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'Storytelling is my life'
SCAD prof co-wrote, co-directed animated <i>Delgo</i>
Jason Maurer

A SCAD professor and alumnus (1993) Jason Maurer has co-written and co- directed an animated feature film now in studios nationwide.

The film, Delgo, a retelling of the familar Romeo and Juliet story set in a fantasy world, was made by the comparatively small indie animation house Fathom Studios in Atlanta. It features voiceover talent from Freddie Prinze, Jr., Jennifer Love Hewitt, Malcolm McDowell, and even the late Anne Bancroft.

We caught up with Maurer recently, who has taken leave from Fathom in order to teach again at SCAD. He’s currently working with students on off-campus projects.

You’ve said “film has a social responsibility.” In writing Delgo, how did do you balance this credo with the parallel need to entertain a paying audience?

Jason Maurer: I believe that all filmmakers, especially animators, have a responsibility to our culture to remind them of the great things it does and the terrible things it does. We are the visual moral compass. so to speak — we have a responsibility to our audience to entertain them but also to make them question, to think about things be it through humor or tragedy.

All great stories do this, and we wanted to tell an entertaining story but address a social theme while not beating the audience over the head with it. We really looked at the central theme, which is racism, and then set about making that the main characters arc, a part of the villain’s motivation, and the major social landscape of the film.

We embedded the theme into all parts of their culture, set the stage for an explosion, and then wrote an a-typical hero to save the day. In this way we are using a similar motif as say Romeo and Juliet, but instead of warring families we have warring races with this twist: Romeo (Delgo) is racist and hates Juliet’s (Kyla) people. Now Delgo has to overcome his own bigotry in order to save the day.

You used something called “digital dailies” in production. What role did they play?

Jason Maurer: Originally we created the digital dailies to address the challenges of integration and tracking assets. This tool provided flexibility to the staff and additional sets of eyes to provide comments. So they were able to comment on not just say modeling, but also animation shots.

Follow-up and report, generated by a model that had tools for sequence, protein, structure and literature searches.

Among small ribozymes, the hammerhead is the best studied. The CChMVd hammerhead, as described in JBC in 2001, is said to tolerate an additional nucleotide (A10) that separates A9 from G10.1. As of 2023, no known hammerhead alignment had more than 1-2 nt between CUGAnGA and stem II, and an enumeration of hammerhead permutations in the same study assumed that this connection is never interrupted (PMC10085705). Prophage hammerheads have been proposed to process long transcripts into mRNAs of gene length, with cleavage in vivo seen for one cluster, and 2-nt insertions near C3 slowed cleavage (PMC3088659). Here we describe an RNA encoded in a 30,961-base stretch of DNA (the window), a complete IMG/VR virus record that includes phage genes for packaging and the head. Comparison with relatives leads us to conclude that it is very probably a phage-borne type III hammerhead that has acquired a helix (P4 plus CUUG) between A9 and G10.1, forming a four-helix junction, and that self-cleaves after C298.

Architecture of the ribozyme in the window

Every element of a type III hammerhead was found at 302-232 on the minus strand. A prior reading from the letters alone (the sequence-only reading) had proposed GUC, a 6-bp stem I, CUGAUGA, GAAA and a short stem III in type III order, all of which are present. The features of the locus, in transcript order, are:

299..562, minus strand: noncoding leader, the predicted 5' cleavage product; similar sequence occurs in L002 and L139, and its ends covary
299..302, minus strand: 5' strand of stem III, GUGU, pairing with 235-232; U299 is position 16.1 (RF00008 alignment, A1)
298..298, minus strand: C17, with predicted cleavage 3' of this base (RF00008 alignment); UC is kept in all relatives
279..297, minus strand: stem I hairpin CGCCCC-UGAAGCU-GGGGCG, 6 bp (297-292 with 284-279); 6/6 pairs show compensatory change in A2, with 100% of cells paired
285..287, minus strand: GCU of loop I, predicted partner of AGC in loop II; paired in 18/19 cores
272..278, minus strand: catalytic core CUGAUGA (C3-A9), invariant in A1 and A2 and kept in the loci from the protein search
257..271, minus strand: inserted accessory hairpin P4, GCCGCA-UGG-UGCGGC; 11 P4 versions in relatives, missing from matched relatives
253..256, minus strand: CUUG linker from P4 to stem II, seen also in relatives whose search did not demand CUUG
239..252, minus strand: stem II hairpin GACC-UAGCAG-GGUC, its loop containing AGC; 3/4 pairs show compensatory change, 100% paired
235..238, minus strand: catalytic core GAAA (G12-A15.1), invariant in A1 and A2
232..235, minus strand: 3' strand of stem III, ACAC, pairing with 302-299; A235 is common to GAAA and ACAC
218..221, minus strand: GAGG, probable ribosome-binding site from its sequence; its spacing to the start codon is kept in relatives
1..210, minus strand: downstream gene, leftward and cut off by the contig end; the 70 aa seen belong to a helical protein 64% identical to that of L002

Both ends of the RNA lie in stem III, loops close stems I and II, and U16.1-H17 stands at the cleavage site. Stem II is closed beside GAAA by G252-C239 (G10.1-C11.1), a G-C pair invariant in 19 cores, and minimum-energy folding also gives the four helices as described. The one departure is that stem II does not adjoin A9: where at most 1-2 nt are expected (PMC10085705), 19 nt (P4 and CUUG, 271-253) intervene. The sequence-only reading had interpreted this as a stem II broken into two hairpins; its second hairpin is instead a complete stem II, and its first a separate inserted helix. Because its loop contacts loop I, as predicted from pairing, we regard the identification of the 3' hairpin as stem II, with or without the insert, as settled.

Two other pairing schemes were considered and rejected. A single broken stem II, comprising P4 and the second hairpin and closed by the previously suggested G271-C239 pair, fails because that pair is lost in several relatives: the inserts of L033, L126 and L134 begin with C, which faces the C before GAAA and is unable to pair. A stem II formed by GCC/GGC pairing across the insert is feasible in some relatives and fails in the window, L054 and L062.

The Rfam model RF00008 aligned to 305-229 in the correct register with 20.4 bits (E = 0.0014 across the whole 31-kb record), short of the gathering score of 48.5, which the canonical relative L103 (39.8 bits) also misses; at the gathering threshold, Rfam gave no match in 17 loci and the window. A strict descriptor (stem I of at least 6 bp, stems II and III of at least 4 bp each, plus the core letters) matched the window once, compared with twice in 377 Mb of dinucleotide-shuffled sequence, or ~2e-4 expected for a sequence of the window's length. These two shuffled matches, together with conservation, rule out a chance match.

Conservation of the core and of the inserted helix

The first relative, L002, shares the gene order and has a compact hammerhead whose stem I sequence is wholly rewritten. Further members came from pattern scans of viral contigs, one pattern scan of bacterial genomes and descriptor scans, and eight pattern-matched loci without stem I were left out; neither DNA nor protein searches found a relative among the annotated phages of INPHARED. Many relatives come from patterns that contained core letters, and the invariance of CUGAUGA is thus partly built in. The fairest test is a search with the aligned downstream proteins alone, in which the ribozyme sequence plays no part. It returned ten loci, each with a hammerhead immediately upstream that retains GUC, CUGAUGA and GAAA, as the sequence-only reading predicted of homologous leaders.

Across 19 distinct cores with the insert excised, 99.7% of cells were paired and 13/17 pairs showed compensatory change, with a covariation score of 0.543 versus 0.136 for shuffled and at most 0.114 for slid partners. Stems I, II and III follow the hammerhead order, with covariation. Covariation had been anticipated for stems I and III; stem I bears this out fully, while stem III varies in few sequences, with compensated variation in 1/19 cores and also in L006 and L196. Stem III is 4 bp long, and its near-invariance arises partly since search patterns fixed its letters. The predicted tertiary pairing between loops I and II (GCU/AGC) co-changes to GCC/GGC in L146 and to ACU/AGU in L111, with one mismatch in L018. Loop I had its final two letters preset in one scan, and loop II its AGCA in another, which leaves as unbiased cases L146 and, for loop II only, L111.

I can only speak to what we did at Fathom of course, but I believe the system that we created was definitely a unique, robust system not normally seen in the industry. I’m sure that every major house out there has some form of digital tracking system, but what I feel makes what we did at Fathom unique and more dynamic was that we used the power of the internet, with help from our sister company Macquarium, to build a visual tracking system that allowed us to critique shots, add notes, and see entire sequences cut together on the fly with the newest animation or lighting from anywhere in the world with only a computer and a connection.

The system of course didn’t start out as something this robust. We just wanted a simple system to track comments and let our artists see what everyone was doing — sort of an online critique. While this is the part of the system that we let the public see, what they didn’t see was the complicated, dynamic back end that I described above.

For the public, we made it like a discussion forum that they could look into — a look into the magic shop — but not comment. This generated immense interest and honestly gave me many sleepless nights initially. We wanted people to get excited about what we were doing, and how we were doing it. We wanted kids out there to follow along and see what fun and hard work making an animated film can be. I think the digital dailies achieved this.

How was this project by a comparatively little-known indie animation house able to attract such A-list voiceover talent? (Other than the paycheck, that is.)

Jason Maurer: Well, it really all came down to the script and the story we were telling. The talent really liked the story and believed strongly in the message of unity we are trying to tell. Once we had one big name, the rest began to sign on rather quickly.

Are you able to work on other animation projects while back with SCAD, or is that tabled for now?

Jason Maurer: One of the really great things about SCAD is that they encourage you as a professor to continue working on your own projects. I’m currently working on a screenplay for a feature that I hope to direct someday, and I’m finishing up a short film called The Ripening, hopefully set for the festival circuit in 2009.

Teaching right now is my job. Storytelling, animation, filmmaking — that is my life. cs